The UAE houses the largest single-site solar project, Noor Abu Dhabi. WAM
The visit of US Special Presidential Envoy for Climate John Kerry to the UAE highlights the importance both the UAE and the United States are attaching to sustainable development and curbing the ill-effects of climate change.
Kerry visited a number of the United Arab Emirates’ (UAE’s) major strategic projects supporting the country’s efforts in the field of clean energy, limiting the consequences of climate change, and promoting sustainable development at the local and global levels.
Kerry took a helicopter tour over the world’s largest single-site solar project, Noor Abu Dhabi, with Dr. Sultan Ahmed Al Jaber, the UAE’s Special Envoy for Climate Change and Minister of Industry and Advanced Technology. He went to the headquarters of the International Renewable Energy Agency (IRENA) as well as Masdar, a critical contributor to the UAE’s 400% expansion of its renewable energy portfolio over the last ten years. He also visited Mohamed Bin Zayed University of Artificial Intelligence (MBZUAI), the world’s first university with curricula devoted to driving sustainability solutions through innovations in artificial intelligence.
The day’s activities included a tour of other key solar installations, including Shams 1, one of the largest concentrated solar power plants in the world, where Kerry was briefed on the upcoming 2 GW Al Dhafra Solar Project, which recently set a new record for the lowest solar power tariff at 1.35 cents/kWh.
Kerry concluded the day with a visit to Abu Dhabi’s Jubail Mangrove Park. Mangroves, native to the UAE, have the triple benefit of preventing coastal erosion, encouraging biodiversity, and capturing more carbon per hectare than rainforests. With millions of mangroves already planted across its coastal areas, the UAE has committed through its second Nationally Determined Contribution, to planting an additional 30 million by the year 2030. The UAE plays a major role in backing clean energy projects to address the impact of climate change and mitigate its negative effects on ecosystems and various economic sectors.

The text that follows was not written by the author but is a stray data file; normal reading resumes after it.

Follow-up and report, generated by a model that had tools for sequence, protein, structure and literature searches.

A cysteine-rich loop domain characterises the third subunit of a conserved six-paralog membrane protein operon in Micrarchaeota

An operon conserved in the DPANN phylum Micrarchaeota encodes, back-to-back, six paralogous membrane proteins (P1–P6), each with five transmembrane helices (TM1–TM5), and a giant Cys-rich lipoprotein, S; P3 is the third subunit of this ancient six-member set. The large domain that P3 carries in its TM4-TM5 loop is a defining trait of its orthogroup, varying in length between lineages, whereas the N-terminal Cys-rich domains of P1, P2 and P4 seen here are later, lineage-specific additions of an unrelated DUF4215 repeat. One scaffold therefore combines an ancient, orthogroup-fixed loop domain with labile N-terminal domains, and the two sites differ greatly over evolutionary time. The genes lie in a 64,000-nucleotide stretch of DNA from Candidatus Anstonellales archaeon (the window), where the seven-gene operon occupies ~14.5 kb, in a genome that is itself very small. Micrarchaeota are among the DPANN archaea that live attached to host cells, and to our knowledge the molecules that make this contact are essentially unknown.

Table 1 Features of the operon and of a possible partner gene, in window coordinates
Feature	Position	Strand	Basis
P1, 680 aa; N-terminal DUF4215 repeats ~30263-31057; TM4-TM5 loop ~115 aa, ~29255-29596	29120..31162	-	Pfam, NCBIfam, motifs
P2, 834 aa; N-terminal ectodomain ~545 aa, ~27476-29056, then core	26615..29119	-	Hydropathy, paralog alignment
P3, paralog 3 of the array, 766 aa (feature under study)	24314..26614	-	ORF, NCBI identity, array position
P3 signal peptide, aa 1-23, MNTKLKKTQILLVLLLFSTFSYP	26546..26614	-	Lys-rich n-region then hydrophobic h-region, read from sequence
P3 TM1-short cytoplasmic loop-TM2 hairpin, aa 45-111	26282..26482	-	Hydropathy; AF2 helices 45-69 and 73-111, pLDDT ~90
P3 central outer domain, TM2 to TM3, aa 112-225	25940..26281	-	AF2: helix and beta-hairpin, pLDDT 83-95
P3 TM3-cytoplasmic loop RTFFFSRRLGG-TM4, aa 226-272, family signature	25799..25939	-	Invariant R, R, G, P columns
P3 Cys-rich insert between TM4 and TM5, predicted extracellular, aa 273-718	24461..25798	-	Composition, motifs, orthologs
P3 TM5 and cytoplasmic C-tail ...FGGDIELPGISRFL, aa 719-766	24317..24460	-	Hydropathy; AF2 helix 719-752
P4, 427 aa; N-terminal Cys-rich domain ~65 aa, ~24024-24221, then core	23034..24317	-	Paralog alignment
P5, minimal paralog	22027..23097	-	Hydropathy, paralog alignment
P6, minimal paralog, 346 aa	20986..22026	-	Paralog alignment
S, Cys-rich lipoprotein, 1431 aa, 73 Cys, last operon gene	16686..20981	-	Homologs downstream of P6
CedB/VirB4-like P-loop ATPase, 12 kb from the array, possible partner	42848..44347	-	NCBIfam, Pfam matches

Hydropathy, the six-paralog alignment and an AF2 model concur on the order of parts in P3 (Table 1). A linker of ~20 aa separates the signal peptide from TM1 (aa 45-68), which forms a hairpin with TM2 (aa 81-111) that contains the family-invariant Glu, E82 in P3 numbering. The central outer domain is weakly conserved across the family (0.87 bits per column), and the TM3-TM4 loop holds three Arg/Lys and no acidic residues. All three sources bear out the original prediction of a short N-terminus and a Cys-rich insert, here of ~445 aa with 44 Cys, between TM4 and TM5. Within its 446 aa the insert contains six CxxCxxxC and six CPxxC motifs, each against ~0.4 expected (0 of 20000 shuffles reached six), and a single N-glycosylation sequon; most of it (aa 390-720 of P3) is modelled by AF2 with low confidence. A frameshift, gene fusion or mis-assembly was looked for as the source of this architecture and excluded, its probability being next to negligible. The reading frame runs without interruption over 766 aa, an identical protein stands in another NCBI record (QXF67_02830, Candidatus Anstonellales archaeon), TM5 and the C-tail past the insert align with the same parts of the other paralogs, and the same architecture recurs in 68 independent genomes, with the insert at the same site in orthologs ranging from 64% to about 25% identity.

John Kerry is visiting Abu Dhabi to attend the first Regional Climate Dialogue, jointly hosted on 4 April by the UAE and the US. The Dialogue will bring together senior climate action representatives from the GCC, the MENA region as well as the UK.
Dr. Al Jaber added: “I’m delighted that US Special Envoy for Climate Kerry has joined us for an important climate dialogue with regional partners that will accelerate global progress toward climate goals. Over the past 15 years, the UAE has made bold commitments on climate change, domestically and internationally, and has demonstrated its ability to act on them.”
On his part, Kerry expressed delight at his visit to the UAE, noting it’s part of the efforts to make United National Climate Change Conference of the Parties (COP26) in Glasgow a success and “address the climate crisis with the seriousness it demand.”
It’s remarkable to find the UAE trying to lead many other nations in the search of new technology to address the global climate challenge and in transitioning to the new economy while facing this crisis.
“We face an enormous global challenge and it’s growing in intensity,” said Kerry.
The first Regional Climate Dialogue will focus on national and regional preparations for the 26th session of the Conference of the Parties (COP26), set to run in November 2021 in Glasgow, Scotland. The UAE was the first country in the region to sign the Paris Agreement and the first to submit an economy-wide Nationally Determined Contribution (NDC) to reduce emissions compared to business-as-usual in 2030. The UAE has impressed the world with a range of major projects, most notably its peaceful nuclear power plants, solar energy power plants, desalination plants and waste management projects, which aim to transform waste into energy.
The virus may have put the brakes on a lot of projects around the world, but not in the UAE, which remains committed to progressive climate action.
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